The damage is extensive. An early estimate from the National Weather Service puts the cost at $900 million – the fourth costliest on record in Dallas. Sandra Helin, Southwestern Insurance Information Service spokesperson, said the cost could reach as high as $1.5 to $2 billion, making it the costliest on record. Currently, the costliest hailstorm on record occurred May 5, 1995 and created $1.6 billion worth of damage, adjusted to current rates.
“We hope it doesn’t get that high but who knows,” Helin said. “As these claims come in, it could go higher.”
While the most urgent work is largely complete, many residents are still receiving estimates and are choosing a company to do the work. There was a plethora to choose from as companies plastered the neighborhood with flyers in mailboxes, front doors and on car windshields. For those having difficulty choosing which company to do the repairs, the signs in their neighbors’ yards carry an implied recommendation.
“I’ve gotten solicitations from about 30 people... but it’s not the reputable ones that are pestering me,” said Cynthia Hollingsworth, who is comparing estimates for repairs to her double-pane skylights.
John Hofker, owner of Green Build Roof and parent company Lakewood Home repair located in Lakewood, said residents should research the company themselves. Helin advised residents to check a company's references and BBB rating before hiring.
Hofker said residents, especially in the hard hit Lakewood area, should watch out for what he calls storm chasers – businesses that follow severe weather and may have questionable practices. The warranty, he said, is only as good as the company that gives it, and if that company is based out of town or in another state, then there is no real accountability for the work.
“When they leave town, they’re done and their warranties go with them,” said Hofker, who has lived and worked in Lakewood for 19 years.
Hofker said another reason to use a local company for repairs is to keep the sales tax local. He estimates that there will be about $20 to $25 million in sales tax for roof repairs alone and wants to see that money invested in area roads and schools.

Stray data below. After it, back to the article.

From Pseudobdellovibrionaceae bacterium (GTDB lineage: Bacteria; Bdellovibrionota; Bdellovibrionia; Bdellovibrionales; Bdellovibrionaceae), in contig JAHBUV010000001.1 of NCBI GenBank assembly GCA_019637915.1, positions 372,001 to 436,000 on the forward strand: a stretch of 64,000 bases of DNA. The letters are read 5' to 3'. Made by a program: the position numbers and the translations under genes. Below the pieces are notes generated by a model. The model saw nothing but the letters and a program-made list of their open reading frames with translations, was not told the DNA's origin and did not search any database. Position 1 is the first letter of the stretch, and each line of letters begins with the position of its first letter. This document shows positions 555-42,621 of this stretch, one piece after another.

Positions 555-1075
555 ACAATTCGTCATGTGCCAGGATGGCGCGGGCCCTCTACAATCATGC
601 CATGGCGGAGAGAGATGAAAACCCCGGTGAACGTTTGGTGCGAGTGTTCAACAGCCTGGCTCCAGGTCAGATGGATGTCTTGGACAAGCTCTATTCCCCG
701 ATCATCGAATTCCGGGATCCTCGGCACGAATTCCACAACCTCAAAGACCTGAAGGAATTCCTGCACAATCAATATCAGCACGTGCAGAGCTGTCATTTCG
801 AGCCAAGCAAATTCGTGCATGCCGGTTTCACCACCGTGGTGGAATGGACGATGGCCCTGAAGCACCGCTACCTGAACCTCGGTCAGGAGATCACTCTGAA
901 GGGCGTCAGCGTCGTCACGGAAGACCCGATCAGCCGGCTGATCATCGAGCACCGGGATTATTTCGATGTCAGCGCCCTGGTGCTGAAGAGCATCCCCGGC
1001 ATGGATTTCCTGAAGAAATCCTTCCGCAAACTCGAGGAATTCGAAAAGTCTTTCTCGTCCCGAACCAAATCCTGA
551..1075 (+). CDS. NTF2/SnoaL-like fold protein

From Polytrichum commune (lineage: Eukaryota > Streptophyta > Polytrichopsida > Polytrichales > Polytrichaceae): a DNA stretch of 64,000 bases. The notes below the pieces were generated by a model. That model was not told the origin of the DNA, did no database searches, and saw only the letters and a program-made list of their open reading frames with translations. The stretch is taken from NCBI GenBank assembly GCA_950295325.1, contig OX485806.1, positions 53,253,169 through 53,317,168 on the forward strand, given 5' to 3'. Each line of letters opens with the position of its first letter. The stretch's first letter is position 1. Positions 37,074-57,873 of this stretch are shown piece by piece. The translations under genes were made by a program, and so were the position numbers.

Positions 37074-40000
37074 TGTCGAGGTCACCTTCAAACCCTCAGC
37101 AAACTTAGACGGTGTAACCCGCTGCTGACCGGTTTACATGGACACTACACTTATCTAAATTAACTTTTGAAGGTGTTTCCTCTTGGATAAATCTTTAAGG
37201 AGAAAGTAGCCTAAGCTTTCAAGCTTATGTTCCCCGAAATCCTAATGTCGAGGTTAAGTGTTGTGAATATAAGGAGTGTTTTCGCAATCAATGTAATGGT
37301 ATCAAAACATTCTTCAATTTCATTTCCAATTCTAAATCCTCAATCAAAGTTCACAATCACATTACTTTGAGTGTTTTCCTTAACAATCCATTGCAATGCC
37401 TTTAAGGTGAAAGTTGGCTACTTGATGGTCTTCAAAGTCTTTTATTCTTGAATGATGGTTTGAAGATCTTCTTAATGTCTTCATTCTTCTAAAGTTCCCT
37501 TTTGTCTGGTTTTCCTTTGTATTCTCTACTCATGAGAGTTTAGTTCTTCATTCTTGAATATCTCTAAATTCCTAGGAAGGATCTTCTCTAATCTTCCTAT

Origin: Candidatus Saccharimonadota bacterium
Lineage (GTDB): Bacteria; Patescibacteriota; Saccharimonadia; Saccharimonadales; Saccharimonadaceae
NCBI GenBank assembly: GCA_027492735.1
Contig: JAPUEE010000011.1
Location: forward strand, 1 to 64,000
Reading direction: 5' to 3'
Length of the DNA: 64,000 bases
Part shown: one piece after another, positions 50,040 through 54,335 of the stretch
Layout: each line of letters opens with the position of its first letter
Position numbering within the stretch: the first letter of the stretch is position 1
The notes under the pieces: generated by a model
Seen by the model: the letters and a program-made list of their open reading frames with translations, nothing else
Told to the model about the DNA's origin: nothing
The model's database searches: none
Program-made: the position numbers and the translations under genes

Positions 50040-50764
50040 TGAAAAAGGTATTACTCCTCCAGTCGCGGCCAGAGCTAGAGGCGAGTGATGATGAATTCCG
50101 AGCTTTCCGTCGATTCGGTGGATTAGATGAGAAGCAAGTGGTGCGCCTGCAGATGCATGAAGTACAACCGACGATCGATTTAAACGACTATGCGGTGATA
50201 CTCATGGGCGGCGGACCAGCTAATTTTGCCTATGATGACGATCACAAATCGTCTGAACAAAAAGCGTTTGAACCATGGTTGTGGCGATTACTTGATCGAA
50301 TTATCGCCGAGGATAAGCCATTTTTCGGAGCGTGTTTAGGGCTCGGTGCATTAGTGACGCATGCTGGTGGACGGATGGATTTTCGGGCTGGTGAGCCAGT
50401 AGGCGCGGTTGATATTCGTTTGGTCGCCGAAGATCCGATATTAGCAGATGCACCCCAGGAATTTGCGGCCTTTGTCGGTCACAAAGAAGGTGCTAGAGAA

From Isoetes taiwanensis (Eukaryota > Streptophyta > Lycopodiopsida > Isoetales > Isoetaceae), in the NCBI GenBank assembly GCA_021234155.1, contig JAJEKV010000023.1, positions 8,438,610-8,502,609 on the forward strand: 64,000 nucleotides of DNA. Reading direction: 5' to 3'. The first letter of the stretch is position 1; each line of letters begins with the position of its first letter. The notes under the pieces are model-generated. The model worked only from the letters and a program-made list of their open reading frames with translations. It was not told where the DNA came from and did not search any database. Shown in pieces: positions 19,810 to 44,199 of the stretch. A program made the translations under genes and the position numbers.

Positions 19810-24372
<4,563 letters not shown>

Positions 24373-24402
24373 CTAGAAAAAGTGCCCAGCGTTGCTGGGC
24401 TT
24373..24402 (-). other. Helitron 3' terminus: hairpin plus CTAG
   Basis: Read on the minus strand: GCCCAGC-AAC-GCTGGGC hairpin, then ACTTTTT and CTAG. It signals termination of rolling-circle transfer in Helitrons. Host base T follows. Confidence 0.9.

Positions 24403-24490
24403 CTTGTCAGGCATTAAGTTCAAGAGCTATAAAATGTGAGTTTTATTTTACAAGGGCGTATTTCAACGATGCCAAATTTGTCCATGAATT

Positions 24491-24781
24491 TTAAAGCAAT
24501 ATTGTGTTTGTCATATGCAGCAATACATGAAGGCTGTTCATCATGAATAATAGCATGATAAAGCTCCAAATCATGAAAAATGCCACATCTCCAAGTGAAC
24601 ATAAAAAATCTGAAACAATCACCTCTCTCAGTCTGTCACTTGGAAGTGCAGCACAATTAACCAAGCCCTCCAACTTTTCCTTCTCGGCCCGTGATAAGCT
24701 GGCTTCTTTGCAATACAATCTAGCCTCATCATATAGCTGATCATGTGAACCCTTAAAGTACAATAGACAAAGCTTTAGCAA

Some companies go beyond questionable practices to the unscrupulous and the illegal and use deceptive contracts to trap homeowners into hiring the company instead of providing the free estimate promised. Last year, Holden Roofing Inc., a residential roofing company based near Houston with offices in Dallas, paid $25,000 in civil penalties and restitution to homeowners after a state attorney brought charges against them for these practices. Hofker said these types of companies also target senior citizens with deceptive contracts to get their sign into a yard. Some offer to pay the insurance deductible, which Helin pointed out is insurance fraud.
“Some people want to go with the best price without checking out the quality of the service men,” said Hollingsworth (pictured above), a 37-year Lakewood resident. “People should check them out with the Better Business Bureau to see if they have insurance and to see if they are as good as they say they're going to be. [Residents] could spend a lot of their insurance money and not get a good product.”
Hollingsworth is in the middle of getting estimates for the damage done to her roof, pool and spa unit, and double panel skylights. Hofker, who gave her an estimate for her roof, said the total cost to repair everything could be between $35,000 to $50,000. She said she is glad she can still live in her house and is trying to be patient. That’s the advice Alan Walne, CEO of Herb’s Paint & Body, has for car owners.
“Make sure the person who repairs it has a good reputation and will be around to take care of you,” said Walne, who anticipates repairing cars damaged by the hailstorm through December. “Be patient and realize that resources are taxed and you may not be able to get it as fast as you want.”
Walne said he expects a 15 to 20 percent increase in business compared to last year. Chris Arrington, founder of Arrington Roofing, said he wouldn’t be surprised if the storm doubles his business from last year and Hofker, who specializes in historic repairs, said he has lined up as much business in the two weeks following the storm as he would in a normal 6 to 8-month period. Hofker said it is staggering.
Hofker added that the hailstorm, which broke six pieces in the “Persian Pond” Chihuly glass art exhibit at the Dallas Arboretum and Botanical Garden, smashed the Lakewood Theater marquee and damaged the Lakewood Country Club golf course, and could change the historic landscape of the neighborhood if the repairs are not done properly and respectfully of the building's character.
“I think that 60 to 70 years from now people will look back at this storm and see how it changed… historic landscapes,” Hofker said. “It’s a test of whether we preserve or slap on repairs.”